2013: Advent Computing: Writing for a computer

by on December 6, 2013

A number can represent some sort of “instruction” to a computer, and what instruction a given number means is determined by that computer’s “machine language”. The number sequence “27, 48, 19” might mean “store the number 48 in the bit of memory at address 19”, while “82, 161, 8, 24” might mean “compare the numbers at the bits of memory at addresses 161 and 8, and if they’re equal, start running instructions in the bit of memory starting at address 24”. Simple, right?

Unsurprisingly, when computer programmers sit down and write programs, they don’t just type in numbers. They could, but it would be incredibly difficult and error-prone. Some programmers do use something called “assembly language”, though. I’ve used it a couple of times myself for very small parts of a program, and I know of some reasonably large programs written entirely in assembly language. Assembly language lets you type simple mnemonics that correspond to the numbers in the machine language, which can then be run through an “assembler” which will convert those mnemonics to the actual machine language.

The assembler will also do useful things like checking each individual instruction has the correct number of “operands” or “arguments” – the things that tell the computer what to operate on. In the “27, 48, 19” example above, that might be written as “STORE 48 19” in an assembly language, and the assembler would warn you if you had too many or two few numbers after the instruction.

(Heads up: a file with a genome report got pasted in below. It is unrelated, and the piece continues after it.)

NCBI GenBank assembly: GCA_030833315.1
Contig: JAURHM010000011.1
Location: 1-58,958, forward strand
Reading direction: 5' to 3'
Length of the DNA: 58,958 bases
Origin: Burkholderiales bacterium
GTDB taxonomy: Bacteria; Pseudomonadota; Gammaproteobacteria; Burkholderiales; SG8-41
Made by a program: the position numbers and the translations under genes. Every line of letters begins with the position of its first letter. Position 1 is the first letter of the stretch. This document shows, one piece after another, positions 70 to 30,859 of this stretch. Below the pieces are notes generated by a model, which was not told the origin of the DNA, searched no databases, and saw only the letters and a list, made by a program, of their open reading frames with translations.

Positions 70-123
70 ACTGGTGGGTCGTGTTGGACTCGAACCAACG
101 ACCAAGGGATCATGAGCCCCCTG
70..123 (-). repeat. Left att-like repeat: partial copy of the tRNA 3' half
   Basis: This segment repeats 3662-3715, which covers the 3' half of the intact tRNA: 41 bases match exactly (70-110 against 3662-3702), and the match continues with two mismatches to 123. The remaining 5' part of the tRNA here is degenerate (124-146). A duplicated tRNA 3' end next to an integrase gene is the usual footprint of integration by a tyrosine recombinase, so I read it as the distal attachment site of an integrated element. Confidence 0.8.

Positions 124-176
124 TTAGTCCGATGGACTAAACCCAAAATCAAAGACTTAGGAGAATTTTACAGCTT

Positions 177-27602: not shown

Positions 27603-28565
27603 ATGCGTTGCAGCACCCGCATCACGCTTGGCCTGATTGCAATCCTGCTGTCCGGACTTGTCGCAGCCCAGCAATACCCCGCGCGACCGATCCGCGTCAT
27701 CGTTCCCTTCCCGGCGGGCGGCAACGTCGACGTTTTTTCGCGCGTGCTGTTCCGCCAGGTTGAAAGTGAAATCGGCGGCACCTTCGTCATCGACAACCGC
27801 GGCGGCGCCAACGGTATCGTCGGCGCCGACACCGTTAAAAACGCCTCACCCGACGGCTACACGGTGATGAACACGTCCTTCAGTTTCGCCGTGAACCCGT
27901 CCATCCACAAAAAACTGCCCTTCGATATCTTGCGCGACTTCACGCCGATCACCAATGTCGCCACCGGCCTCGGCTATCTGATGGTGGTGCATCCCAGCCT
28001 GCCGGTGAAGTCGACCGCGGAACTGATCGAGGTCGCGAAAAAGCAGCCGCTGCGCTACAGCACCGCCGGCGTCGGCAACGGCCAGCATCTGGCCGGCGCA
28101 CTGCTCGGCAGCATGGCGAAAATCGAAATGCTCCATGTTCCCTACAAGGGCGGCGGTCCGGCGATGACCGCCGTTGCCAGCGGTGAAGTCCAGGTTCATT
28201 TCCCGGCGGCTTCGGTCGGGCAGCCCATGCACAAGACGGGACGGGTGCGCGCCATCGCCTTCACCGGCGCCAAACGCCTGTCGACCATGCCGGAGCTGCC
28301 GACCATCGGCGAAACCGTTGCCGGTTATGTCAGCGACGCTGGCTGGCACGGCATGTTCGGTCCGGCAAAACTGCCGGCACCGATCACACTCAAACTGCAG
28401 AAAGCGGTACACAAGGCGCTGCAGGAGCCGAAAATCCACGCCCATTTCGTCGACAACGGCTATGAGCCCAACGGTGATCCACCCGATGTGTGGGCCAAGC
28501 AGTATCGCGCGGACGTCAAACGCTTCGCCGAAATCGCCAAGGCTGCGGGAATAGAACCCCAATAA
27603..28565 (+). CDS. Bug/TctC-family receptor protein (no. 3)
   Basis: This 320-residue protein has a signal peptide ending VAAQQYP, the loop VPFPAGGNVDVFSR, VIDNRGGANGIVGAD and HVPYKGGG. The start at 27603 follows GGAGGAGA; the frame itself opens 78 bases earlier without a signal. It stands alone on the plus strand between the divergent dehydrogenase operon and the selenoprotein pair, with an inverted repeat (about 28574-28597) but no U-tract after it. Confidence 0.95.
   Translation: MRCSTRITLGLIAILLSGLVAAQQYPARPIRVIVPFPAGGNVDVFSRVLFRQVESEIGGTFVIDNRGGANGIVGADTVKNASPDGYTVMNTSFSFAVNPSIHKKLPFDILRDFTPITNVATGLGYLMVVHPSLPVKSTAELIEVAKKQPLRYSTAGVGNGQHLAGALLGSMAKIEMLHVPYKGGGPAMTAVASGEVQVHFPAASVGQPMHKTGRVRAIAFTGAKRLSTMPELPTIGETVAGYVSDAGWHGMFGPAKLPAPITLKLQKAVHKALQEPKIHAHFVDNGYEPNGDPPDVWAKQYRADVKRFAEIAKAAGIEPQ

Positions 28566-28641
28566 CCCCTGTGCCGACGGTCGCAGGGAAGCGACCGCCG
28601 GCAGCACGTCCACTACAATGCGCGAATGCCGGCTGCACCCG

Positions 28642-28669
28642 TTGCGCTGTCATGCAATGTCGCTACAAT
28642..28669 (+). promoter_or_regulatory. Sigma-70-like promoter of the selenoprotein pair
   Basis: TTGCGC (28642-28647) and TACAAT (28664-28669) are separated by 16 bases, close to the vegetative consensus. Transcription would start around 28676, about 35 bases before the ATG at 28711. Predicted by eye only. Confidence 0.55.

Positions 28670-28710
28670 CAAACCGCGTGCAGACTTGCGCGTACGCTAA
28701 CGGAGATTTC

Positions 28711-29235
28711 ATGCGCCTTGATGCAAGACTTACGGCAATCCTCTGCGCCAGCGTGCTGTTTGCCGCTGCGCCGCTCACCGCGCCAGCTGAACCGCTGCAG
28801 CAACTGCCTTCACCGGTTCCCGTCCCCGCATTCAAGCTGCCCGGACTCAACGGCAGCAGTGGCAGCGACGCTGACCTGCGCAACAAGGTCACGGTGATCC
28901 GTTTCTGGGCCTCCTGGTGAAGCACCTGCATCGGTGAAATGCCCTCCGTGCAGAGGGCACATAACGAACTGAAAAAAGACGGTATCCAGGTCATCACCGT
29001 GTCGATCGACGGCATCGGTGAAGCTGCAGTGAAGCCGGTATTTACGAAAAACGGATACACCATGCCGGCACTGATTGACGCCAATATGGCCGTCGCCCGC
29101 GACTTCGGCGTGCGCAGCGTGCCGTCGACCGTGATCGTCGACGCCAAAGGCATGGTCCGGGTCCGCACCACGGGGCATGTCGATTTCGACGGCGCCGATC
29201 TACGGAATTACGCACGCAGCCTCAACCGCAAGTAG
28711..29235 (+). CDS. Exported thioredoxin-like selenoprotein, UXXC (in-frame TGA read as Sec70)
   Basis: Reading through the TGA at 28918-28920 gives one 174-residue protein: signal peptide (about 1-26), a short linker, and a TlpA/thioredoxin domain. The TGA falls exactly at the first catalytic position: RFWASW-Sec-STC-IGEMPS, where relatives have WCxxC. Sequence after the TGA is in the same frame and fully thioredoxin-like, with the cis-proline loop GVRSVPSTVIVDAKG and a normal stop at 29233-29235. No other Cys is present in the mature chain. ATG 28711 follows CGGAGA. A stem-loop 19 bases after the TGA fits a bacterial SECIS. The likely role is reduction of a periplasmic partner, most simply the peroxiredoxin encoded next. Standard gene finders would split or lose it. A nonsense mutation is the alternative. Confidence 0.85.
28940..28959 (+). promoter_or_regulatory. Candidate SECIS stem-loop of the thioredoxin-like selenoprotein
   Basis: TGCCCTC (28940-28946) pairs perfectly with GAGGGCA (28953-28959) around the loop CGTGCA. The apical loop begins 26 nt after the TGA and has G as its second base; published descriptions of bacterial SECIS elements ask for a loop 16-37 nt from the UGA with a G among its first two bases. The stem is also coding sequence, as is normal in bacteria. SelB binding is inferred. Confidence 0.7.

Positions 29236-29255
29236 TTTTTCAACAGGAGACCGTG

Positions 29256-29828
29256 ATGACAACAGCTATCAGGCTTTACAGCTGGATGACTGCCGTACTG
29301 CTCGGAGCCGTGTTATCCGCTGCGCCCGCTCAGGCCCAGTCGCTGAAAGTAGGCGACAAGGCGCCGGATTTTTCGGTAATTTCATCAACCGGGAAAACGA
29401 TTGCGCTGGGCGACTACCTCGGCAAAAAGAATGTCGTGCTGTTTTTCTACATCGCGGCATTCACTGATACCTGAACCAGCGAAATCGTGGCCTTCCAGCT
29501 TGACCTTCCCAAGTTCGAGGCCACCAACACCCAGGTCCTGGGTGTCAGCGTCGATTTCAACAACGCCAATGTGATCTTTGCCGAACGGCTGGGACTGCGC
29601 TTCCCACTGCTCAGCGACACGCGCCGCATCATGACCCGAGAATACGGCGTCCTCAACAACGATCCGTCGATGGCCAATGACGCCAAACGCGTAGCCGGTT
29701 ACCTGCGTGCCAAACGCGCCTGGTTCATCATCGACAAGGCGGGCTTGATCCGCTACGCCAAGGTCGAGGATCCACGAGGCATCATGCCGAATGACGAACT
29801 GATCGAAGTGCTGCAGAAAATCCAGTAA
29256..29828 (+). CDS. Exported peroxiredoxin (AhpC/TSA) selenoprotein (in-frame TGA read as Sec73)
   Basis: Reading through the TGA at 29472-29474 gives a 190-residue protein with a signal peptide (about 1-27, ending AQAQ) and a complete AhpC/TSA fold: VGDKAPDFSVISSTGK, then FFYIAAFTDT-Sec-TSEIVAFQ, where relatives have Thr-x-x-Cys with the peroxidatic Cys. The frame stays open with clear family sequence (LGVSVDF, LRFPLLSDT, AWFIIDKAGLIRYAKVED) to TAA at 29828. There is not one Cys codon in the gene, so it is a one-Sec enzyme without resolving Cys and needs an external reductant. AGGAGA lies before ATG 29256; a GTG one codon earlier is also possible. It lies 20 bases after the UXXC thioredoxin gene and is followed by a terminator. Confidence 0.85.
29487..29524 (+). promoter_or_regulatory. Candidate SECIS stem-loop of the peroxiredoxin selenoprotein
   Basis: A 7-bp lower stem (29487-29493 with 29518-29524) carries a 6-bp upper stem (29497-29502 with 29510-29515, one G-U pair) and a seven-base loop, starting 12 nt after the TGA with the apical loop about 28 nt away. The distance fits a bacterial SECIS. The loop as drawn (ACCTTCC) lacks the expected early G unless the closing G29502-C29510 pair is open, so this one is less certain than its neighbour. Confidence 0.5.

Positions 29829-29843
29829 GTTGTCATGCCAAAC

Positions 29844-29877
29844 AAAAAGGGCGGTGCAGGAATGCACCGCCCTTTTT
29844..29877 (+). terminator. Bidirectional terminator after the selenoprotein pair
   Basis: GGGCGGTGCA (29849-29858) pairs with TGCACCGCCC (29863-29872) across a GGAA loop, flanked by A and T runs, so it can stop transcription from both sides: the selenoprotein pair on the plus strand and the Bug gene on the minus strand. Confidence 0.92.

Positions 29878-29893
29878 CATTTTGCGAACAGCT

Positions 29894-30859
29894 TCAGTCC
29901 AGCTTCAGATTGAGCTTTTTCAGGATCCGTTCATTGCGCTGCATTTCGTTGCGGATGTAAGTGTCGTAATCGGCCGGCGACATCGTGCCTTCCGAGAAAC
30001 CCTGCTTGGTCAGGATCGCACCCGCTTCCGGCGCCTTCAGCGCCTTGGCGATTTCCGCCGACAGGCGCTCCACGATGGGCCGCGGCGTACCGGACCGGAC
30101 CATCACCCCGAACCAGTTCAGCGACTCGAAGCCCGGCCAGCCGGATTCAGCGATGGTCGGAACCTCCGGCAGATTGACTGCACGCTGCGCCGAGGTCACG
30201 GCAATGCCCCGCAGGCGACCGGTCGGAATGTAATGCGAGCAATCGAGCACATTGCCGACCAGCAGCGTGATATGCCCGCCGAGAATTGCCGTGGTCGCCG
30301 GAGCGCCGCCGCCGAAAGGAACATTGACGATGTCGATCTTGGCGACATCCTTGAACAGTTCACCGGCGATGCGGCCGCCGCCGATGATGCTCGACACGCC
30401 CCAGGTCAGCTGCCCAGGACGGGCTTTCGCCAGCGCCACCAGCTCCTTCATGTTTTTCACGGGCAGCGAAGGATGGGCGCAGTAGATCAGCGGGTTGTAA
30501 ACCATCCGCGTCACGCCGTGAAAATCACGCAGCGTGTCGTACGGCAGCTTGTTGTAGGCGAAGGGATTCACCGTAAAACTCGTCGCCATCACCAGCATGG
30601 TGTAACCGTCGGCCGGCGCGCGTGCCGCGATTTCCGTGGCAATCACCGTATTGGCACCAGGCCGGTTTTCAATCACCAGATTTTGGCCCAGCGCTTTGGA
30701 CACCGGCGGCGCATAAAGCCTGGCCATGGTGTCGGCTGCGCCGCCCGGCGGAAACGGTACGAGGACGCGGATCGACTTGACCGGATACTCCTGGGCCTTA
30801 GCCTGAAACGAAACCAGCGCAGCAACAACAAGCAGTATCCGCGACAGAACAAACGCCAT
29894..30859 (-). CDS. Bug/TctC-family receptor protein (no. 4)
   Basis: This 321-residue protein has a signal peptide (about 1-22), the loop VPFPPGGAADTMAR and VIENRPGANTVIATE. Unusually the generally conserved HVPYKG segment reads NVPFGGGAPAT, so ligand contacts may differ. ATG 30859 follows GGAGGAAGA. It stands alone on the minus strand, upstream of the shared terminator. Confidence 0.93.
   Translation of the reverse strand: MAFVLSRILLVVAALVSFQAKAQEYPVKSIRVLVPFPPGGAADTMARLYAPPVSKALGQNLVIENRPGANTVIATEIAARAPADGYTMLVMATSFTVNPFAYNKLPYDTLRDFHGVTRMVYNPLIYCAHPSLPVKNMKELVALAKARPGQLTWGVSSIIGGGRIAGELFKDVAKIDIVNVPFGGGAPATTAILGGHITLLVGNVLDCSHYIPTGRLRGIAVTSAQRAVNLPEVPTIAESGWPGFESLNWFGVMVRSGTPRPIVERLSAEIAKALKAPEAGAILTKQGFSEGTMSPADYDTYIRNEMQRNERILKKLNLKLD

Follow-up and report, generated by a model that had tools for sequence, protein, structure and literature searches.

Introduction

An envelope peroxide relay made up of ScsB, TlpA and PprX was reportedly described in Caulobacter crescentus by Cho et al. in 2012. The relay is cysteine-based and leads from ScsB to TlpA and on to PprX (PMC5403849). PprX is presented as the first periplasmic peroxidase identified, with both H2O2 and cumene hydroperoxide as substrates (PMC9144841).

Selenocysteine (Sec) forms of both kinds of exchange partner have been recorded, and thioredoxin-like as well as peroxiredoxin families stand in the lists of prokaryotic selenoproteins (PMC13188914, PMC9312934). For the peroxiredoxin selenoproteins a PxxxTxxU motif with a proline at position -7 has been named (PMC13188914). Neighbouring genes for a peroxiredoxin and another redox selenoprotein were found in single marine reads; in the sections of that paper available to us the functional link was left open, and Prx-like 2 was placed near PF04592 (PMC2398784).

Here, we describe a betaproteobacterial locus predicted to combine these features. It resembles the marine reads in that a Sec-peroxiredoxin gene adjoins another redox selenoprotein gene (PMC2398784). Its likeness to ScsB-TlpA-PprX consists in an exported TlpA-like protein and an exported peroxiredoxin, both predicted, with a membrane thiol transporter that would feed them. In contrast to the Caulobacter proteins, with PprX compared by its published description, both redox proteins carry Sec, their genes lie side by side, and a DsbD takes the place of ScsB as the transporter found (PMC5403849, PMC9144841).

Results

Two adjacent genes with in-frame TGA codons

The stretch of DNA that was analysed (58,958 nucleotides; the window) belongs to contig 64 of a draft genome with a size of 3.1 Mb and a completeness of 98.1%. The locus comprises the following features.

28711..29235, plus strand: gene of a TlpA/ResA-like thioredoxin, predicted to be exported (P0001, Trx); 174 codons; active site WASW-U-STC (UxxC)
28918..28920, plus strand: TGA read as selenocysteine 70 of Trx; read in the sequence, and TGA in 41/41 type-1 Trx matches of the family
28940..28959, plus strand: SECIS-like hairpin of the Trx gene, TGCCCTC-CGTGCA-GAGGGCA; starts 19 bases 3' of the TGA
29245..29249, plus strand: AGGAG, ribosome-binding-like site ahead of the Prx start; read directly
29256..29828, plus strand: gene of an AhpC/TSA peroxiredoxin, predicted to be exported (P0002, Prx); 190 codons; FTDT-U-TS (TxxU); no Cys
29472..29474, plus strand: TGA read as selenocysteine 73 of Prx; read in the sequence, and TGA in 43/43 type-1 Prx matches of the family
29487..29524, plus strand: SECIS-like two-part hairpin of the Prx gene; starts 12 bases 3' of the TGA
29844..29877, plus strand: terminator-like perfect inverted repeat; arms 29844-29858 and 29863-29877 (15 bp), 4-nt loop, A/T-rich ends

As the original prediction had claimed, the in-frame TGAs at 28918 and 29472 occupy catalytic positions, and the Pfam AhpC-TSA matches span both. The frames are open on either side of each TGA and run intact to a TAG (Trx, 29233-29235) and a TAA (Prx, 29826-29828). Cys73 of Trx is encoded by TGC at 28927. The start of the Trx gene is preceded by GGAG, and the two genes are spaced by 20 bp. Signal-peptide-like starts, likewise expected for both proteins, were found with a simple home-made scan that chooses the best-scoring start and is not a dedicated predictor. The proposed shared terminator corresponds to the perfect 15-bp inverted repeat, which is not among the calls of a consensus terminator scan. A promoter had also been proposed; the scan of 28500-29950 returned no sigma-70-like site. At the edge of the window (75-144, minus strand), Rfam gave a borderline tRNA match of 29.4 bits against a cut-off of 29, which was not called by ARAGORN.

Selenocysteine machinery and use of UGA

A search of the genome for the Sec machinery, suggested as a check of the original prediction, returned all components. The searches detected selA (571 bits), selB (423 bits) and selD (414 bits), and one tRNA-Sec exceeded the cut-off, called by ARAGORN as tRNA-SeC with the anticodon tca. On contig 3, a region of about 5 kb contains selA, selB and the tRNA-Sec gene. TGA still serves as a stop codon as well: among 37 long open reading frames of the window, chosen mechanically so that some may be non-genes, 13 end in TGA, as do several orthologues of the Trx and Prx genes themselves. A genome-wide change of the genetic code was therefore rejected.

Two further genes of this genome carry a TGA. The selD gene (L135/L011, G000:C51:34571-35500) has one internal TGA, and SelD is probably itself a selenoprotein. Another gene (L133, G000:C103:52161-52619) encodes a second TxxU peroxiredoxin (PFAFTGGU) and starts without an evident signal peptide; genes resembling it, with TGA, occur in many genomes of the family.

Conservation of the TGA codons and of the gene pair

Assembly language has a whole bunch of problems, however. Firstly, you’re effectively writing programs using a more readable version of your computer’s machine language. Which is great if your program is only going to run on that specific type of machine, but not so useful if you might ever want to run on a different machine. Swapping between AMD and Intel processors (the two most common processors in home PCs) can cause problems, and there are even considerable variations within Intel and AMD’s own lines. They have similar, but certainly not identical, machine languages.

Another problem is that, while assembly language is certainly easier to read than simple lists of numbers, it’s still not exactly readable. Which makes it hard to understand as you’re writing it, and hard to understand when you come back to read it another day, after someone found a bug and you need to fix it.

As a result, assembly language is more often used for “disassembly”, where you have a program and want to dig inside it, at the level the computer sees, to try to find a problem. Because each assembly mnemonic corresponds directly with a number from the machine language, a disassembler can tell you exactly what instructions a program is running at a given point, which can help in finding some really nasty bugs.

For writing programs, we tend to use “compiled” languages, or alternatively “scripted” languages. Those are for tomorrow.

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